(Bloomberg) -- Terms of Trade is a daily newsletter that untangles a world embroiled in trade wars. Sign up here. President Donald Trump is scheduled to tour an Apple Inc. manufacturing plant in Austin, Texas, on Wednesday, the White House said Sunday.The president plans to visit the plant along with Apple Chief Executive Officer Tim Cook, according to a tweet by spokesman Judd Deere. The Austin American-Statesman newspaper reported that Trump will travel with Treasury Secretary Steven Mnuchin and other administration officials.The company announced in September that its new Mac Pro computer will be assembled in Texas after it received exclusions from the Trump administration from tariffs on certain parts imported from China.The visit also comes at a time the U.S. and China are close to finalizing the first phase of a highly-anticipated trade deal.It’s not the first time Cook and Trump have spent time together. They’ve dined at the president’s golf club in Bedminster, New Jersey, twice in the past two years, most recently in August. Cook also attended a state dinner hosted by Trump in 2018 for French President Emmanuel Macron.Trump said after the pair met in August that Cook made a “good case” about the difficulty in competing with South Korean rival Samsung Electronics Co. if Apple products are subject to import tariffs.A month later, the Trump administration announced it had agreed to Apple’s request for tariff waivers on 10 of 15 Chinese components -- a shift from a stance announced by Trump in July that the company’s requests would be denied and that it should make the parts in the U.S.After gaining the tariff relief, Apple announced it would assemble the new Mac Pro computer at the Austin plant, which has produced the previous Mac Pro since 2013. There had been reports the company planned to shift production to China.The Trump administration then said in September it denied Apple’s request for relief from 25% tariffs on other Mac Pro components, including optional wheels, a circuit board for managing input and output ports, power adapter, charging cable and a cooling system for the computer’s processor.The company is also seeking exclusions from Trump’s tariffs that went into effect Sept. 1 on the Apple Watch, iMac, parts for the iPhone and other components imported from China.Last month, Trump criticized Cook for a design change to the iPhone -- the loss of the home button.Apple’s presence in the Texas capital is the biggest after its headquarters in Cupertino, California, the Austin American-Statesman said, and the company has said it will invest $1 billion in Austin to build an office park capable of holding 15,000 additional employees.To contact the reporter on this story: Hailey Waller in New York at email@example.comTo contact the editors responsible for this story: James Ludden at firstname.lastname@example.org, Ros Krasny, Mark NiquetteFor more articles like this, please visit us at bloomberg.com©2019 Bloomberg L.P.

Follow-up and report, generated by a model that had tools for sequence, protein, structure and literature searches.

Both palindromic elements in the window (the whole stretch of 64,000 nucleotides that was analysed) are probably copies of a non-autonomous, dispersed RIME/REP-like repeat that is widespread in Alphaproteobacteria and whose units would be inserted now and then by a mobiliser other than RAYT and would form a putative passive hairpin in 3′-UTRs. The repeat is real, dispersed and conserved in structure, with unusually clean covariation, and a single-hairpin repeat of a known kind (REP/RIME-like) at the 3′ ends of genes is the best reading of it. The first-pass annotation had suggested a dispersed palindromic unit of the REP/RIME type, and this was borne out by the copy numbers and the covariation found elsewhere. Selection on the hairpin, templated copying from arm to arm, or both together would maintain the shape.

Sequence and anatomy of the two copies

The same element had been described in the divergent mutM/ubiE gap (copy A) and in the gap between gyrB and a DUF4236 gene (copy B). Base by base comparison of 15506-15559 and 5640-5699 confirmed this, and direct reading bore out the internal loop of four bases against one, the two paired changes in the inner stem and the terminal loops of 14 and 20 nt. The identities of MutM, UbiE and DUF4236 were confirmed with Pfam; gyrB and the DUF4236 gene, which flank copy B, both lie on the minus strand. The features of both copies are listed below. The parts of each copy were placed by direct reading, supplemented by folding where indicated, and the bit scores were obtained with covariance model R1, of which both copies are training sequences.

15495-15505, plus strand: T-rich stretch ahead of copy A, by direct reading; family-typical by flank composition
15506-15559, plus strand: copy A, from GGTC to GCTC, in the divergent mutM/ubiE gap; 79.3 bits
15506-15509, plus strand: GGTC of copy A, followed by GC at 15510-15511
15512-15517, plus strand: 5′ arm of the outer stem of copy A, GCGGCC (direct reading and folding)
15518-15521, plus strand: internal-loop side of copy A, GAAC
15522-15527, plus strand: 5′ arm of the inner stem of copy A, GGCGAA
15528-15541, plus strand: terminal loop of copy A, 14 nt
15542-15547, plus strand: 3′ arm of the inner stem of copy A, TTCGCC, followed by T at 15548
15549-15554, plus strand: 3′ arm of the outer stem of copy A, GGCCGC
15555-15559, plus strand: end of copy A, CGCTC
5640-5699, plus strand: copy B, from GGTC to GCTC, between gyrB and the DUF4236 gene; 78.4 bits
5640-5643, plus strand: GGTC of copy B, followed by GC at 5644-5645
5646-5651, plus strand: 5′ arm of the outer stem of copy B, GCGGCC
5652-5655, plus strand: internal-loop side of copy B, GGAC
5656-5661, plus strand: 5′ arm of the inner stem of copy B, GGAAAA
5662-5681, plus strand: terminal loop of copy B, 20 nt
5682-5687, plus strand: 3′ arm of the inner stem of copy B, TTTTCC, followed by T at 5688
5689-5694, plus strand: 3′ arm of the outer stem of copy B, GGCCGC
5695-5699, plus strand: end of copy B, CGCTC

(Bloomberg) -- Applied Materials Inc. gave a sales forecast for the current quarter that topped analysts’ estimates, suggesting a slump in orders for chipmaking equipment is ending.The company is the largest maker of machinery used in the manufacture of semiconductors, which are among the most important parts of the electronics supply chain. Customers of the Santa Clara, California-based company include Samsung Electronics Co., Intel Corp. and Taiwan Semiconductor Manufacturing Co., giving it a reach that makes its results and forecasts an important early indicator of business confidence. Intel and other chipmakers order equipment months in advance of starting new factories and production lines.Key InsightsFiscal first-quarter sales will be about $4.1 billion, Applied Materials said Thursday in a statement. That compares with analysts’ average estimate of $3.71 billion, according to data compiled by Bloomberg.Adjusted earnings per share will be 87 cents to 95 cents, the company said. Analysts projected 75 cents a share.The results “reflect a healthy uptick in demand for semiconductor equipment, combined with strong execution across the company,” Chief Executive Officer Gary Dickerson said in the statement.Chip-equipment makers often experience wild earnings swings. Machines cost tens of millions of dollars each. Delaying factory build outs is one of the fastest ways a chipmaker can preserve cash when they’re unsure of future demand.Net income was $698 million, or 75 cents a share in the period ended Oct. 27, compared with $757 million, or 77 cents a share, a year earlier.Revenue was little changed at $3.75 billion. Analysts were looking for $3.68 billion.Stock ReactionShares rose about 4% in extended trading after the announcement. The stock closed at $56.96 in New York and has increased 74% this year.More InformationFor more details, click here.To see the statement, click here.To contact the reporter on this story: Ian King in San Francisco at email@example.comTo contact the editors responsible for this story: Jillian Ward at firstname.lastname@example.org, Andrew Pollack, Alistair BarrFor more articles like this, please visit us at bloomberg.com©2019 Bloomberg L.P.